email grand feu pichard balme scaled

Grand Feu Enamel

From the glass family

Coloured pieces with high quality pigments

Enamel belongs to the glass family, like crystal, which has a similar composition. The different shades of colour are created in a crystal factory by fusing a colourless enamel with calcined metal oxides: for example, cobalt gives blue tones and copper green or red.
The technique of grand feu enamel is a historical technique which consists of applying a mixture of enamel powder and water to a gold, silver or copper piece and then firing it in a furnace. In this way, the enamel melts and binds to the metal, then solidifies once it cools.

The enameller, whose role is to sublimate the object, relies on this technique to create coloured pieces with high quality pigmentations. As part of our HSE policy, our materials – enamels – are lead-free.
Thus, this unique process of personalisation makes it possible to create unalterable and refined decorations on exceptional objects. The work of a grand feu enameller requires many qualities such as patience, dexterity and perseverance. Enamel is a demanding material that sometimes needs to be worked on several times before obtaining the desired result.


Grand feu enamel in pictures


Reveal the colour

In order to bring out the colour of the glaze, a precise application process must be followed. First, the enamel pieces must be ground to powder in a mortar and then mixed with demineralised water. Then, the piece to be decorated must be thoroughly cleaned and placed on its support. The enamel is first applied under the microscope using a brush. This is the beginning of an iterative stage between glazing and firing. The enameller recolours the piece two to five times before obtaining a deep, bright colour. Therefore, it is at the end of the firing process that one discovers the beauty of the colours permanently applied to the piece.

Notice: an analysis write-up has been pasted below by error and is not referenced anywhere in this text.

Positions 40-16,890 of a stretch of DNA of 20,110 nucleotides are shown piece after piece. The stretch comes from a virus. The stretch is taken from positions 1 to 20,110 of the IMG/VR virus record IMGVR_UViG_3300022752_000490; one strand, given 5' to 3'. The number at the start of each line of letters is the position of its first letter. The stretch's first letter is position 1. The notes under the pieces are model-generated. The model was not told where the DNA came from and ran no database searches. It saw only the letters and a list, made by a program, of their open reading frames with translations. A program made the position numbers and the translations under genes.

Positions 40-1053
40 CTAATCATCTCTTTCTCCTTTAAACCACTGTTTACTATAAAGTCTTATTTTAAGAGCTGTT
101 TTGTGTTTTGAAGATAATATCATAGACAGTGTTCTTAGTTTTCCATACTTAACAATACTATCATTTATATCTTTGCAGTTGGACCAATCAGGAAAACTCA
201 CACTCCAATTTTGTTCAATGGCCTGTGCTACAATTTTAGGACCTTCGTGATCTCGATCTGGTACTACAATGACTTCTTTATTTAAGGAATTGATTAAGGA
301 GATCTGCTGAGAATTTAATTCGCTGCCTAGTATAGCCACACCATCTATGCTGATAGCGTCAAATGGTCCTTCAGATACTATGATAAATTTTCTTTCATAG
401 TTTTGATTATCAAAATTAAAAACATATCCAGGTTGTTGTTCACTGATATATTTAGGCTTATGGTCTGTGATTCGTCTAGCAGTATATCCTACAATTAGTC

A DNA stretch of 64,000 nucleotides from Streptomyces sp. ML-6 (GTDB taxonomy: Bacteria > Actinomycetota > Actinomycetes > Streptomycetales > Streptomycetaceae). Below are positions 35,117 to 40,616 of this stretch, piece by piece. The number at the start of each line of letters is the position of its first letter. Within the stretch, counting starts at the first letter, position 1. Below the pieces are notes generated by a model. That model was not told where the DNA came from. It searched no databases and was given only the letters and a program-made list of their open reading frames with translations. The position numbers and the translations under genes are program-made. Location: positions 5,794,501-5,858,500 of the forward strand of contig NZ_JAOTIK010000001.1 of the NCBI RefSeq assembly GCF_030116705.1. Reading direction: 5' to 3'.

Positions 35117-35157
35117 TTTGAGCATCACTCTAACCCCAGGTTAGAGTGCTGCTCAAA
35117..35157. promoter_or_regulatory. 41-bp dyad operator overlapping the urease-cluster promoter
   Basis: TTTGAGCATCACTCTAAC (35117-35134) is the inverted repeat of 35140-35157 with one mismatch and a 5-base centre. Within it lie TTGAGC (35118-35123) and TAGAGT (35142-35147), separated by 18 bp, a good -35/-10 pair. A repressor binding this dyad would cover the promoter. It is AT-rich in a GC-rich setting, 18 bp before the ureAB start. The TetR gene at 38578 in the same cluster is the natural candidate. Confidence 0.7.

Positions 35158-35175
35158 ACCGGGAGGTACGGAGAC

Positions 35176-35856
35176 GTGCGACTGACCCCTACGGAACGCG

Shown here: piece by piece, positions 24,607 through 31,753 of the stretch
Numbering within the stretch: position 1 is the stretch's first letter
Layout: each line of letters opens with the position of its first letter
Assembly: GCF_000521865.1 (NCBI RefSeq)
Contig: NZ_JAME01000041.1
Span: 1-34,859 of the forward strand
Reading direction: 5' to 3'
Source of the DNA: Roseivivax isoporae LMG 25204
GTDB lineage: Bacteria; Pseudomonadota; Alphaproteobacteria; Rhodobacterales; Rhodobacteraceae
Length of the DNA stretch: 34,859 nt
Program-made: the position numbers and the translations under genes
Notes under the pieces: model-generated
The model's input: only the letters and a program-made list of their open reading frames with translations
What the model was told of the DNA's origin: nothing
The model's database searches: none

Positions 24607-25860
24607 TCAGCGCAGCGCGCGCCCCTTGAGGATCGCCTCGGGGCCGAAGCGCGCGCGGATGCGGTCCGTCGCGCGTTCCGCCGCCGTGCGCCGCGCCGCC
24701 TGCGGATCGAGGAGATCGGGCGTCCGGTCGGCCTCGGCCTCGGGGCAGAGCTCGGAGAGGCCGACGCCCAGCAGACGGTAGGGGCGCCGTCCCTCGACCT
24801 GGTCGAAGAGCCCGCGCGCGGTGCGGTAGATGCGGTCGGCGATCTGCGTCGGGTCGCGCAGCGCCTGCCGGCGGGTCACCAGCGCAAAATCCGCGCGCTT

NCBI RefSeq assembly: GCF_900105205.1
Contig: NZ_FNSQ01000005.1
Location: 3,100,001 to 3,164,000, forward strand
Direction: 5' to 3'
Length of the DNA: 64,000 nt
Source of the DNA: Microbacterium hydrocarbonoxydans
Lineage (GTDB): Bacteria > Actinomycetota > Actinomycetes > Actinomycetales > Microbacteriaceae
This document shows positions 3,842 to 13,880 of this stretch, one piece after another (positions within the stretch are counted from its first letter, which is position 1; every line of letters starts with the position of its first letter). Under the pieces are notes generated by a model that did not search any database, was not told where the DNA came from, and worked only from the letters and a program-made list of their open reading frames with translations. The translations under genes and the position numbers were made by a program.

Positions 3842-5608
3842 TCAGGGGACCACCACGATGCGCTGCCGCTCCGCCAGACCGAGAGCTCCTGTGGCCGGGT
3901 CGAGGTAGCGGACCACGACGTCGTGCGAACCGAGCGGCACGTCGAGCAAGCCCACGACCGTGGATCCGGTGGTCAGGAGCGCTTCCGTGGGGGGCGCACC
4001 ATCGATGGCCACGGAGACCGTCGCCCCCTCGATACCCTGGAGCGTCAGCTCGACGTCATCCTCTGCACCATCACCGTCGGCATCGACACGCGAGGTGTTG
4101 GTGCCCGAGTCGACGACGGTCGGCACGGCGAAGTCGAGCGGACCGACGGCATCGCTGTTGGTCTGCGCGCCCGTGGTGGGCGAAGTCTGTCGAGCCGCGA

Dernière étape

The mirror effect

The last stage is the glazing: the enameller heats the piece one last time to give it a mirror effect. This is followed by polishing, which guarantees the shine and beauty of the object.
Enamel is a versatile material that allows for a variety of colourful creations. The importance of mastering grand feu enamel is therefore to bring prestigious pieces to life. It is often used in fine jewellery and watches.

Enamelling techniques

Between alchemy and magic

Once the piece has been enamelled, the small grains of enamel and the metallic edges are scraped off in water with abrasive stones or diamond tools.
In addition to the wide range of colours, enamelling techniques further enrich the range of possible designs.
Here are the most common ones:


which consists of digging, mechanically or with acid, cavities intended to receive the enamel applied with a brush


in which the enameller creates closed areas using very fine gold, silver or copper wire - the partitions - and then fills them with enamel

rosace pichard balme

Enamel in relief or ronde-bosse

which highlights the volume (pearl, vase, object...)


which resembles a miniature stained glass window - the openwork parts of which are enamelled with translucent enamels so that light can pass through

Painted enamel

which combines three painting techniques: finely ground enamels & water, oxides & oil medium, in layers of ``Blanc de Limoges`` enamel